During the concert at the Los Angeles Central Library, the teens take turns singing.
For their brand new NPR Tiny Desk (Home) concert, Linda Lindas went back to a sacred space: the library. While many middle- and high-schoolers used to spend hours in the stacks doing research, for the teen punk band Dewey Decimal is more than just a number: it’s a way to measure how far they’ve come in just one head-spinning year.
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After having become viral sensations in early 2021 when they performed at an LA public library and got signed to legendary punk label Epitaph Records, sisters Mila de la Garza (11) and Lucia de la Garza (15), their cousin Eloise Wong (14) and their family friend Bela Salazar (17) returned to the comforts of the L.A. Public for a show at the Los Angeles Central Library for NPR.
It all begins with the smashing pop-punk of “Growing Up,” the title track of the group’s just-released debut album, snarled by guitarist Lucia de la Garza among shelving of books. “We’ll dance like nobody’s watching/ We’ll dance without any worries/ We’ll talk about problems we share,” she sings in a perfect deadpan through braces as the band churns behind her.
To celebrate their Tiny Desk show, the LL’s folded up some colourful construction paper into a tinier, tiny desk “We’re super-excited, we’re so happy to be here,” Lucia says at the beginning of the 14-minute blitz. “Just [a] cool space, we’re playing in the library once more.”
Drummer Mila de la Garza takes over for the pogo-worthy pop gem “Talking to Myself,” grabbing lead vocals on the bouncy tune, with bass player Wong totally missing the planned funny stage banter setting up her doomy lead vocal on the teen lament about the perils of young love, “Why.” Mila’s drum teacher, Bleached member Spencer Lere, joins the ladies for the bubbling, wistful Spanish-language tune “Cuántas Veces,” which shows off their versatility, with Salazar taking lead vocals on the song about being “tired of feeling this way.”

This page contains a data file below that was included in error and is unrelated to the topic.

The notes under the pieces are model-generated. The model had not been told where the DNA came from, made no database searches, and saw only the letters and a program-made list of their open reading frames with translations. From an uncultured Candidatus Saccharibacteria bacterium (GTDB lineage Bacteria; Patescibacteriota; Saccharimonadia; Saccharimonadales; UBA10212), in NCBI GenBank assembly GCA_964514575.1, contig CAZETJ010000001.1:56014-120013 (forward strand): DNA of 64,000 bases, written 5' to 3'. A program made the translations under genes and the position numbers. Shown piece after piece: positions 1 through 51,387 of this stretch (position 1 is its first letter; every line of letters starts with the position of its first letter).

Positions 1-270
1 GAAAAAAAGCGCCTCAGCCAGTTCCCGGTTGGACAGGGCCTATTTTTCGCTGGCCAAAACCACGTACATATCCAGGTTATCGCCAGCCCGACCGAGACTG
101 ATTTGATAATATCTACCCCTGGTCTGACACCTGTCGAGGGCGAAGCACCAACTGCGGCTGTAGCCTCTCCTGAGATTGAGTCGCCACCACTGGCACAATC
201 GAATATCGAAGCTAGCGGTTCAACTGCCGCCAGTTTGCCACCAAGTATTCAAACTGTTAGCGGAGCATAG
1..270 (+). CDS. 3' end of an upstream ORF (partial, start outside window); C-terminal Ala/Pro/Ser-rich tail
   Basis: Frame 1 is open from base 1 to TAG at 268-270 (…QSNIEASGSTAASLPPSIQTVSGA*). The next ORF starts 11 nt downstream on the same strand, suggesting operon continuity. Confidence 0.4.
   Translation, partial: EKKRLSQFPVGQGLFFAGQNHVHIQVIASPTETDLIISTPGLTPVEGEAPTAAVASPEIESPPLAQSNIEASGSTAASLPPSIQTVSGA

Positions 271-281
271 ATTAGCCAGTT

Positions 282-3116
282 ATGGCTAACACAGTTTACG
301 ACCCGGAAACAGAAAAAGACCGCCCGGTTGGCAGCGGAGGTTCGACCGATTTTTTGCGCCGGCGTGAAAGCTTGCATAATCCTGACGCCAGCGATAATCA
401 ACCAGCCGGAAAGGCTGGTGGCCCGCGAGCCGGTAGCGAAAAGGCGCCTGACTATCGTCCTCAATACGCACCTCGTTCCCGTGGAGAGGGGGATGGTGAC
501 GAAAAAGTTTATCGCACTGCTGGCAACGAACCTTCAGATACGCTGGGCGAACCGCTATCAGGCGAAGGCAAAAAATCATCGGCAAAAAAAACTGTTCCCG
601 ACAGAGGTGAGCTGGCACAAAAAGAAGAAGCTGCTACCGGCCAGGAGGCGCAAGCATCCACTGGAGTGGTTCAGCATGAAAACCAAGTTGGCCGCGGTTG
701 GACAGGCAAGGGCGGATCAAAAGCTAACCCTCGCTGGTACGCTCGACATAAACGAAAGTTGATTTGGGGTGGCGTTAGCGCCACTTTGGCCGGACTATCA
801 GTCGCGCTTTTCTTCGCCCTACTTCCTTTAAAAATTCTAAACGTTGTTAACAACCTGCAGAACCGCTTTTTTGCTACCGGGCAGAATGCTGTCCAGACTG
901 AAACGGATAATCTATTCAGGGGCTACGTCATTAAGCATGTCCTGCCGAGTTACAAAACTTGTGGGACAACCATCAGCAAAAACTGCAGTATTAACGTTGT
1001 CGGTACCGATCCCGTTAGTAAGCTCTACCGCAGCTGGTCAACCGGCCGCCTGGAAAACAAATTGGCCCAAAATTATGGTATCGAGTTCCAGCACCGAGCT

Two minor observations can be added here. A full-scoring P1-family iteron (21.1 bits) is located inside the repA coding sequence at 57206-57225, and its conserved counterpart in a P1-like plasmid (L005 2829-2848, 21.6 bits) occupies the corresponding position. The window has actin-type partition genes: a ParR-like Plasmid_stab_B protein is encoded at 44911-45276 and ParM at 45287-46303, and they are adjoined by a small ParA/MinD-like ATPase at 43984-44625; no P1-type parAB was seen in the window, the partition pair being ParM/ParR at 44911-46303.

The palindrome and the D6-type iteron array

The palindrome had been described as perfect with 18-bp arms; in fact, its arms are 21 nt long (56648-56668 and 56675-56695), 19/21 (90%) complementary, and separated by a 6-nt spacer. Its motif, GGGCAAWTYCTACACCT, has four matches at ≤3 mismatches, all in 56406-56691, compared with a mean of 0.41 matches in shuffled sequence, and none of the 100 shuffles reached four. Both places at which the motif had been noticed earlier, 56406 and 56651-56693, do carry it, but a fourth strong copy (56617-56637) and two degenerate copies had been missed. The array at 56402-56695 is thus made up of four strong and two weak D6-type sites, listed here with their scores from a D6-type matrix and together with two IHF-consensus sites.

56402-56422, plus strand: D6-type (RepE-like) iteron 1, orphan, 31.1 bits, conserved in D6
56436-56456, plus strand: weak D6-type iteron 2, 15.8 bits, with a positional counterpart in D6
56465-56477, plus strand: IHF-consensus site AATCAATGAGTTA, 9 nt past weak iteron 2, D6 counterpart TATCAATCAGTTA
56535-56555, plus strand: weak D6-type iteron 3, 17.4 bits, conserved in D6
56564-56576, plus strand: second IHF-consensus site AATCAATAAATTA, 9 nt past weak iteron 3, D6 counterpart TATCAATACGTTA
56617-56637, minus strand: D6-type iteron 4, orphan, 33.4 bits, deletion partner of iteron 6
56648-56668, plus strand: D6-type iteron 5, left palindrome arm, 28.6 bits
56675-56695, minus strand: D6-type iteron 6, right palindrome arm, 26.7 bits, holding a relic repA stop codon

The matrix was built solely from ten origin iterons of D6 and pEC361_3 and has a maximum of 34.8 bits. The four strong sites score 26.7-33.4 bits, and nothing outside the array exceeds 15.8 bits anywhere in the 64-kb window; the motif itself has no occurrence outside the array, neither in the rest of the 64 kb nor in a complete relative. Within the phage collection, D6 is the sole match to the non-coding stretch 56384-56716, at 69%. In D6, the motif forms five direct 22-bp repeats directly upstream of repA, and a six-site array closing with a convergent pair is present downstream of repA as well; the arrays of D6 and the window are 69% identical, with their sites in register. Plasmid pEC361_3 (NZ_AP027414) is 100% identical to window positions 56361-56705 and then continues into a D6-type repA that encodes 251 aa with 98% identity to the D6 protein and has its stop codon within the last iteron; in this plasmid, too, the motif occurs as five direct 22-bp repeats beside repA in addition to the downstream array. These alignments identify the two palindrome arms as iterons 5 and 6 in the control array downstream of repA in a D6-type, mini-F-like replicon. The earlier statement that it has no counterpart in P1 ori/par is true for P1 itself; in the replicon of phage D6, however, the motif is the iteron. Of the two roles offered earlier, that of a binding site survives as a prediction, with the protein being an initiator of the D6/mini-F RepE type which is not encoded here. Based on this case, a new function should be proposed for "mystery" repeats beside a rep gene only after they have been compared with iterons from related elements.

The set ends with the song that helped the group explode into stardom last year, the biting blitzkrieg “Racist, Sexist Boy,” which is based on a racist incident from early in the pandemic and became their signature song. “Here we go – let’s blow the roof off!” Lucia said. “I live for danger.” And, as advertised, they bring the hammer down on a boy who says “mean stuff” to them with Mila and Eloise trading off lead vocals.
In addition to Growing Up, the band also recently released the spooky video for “Talking to Myself.”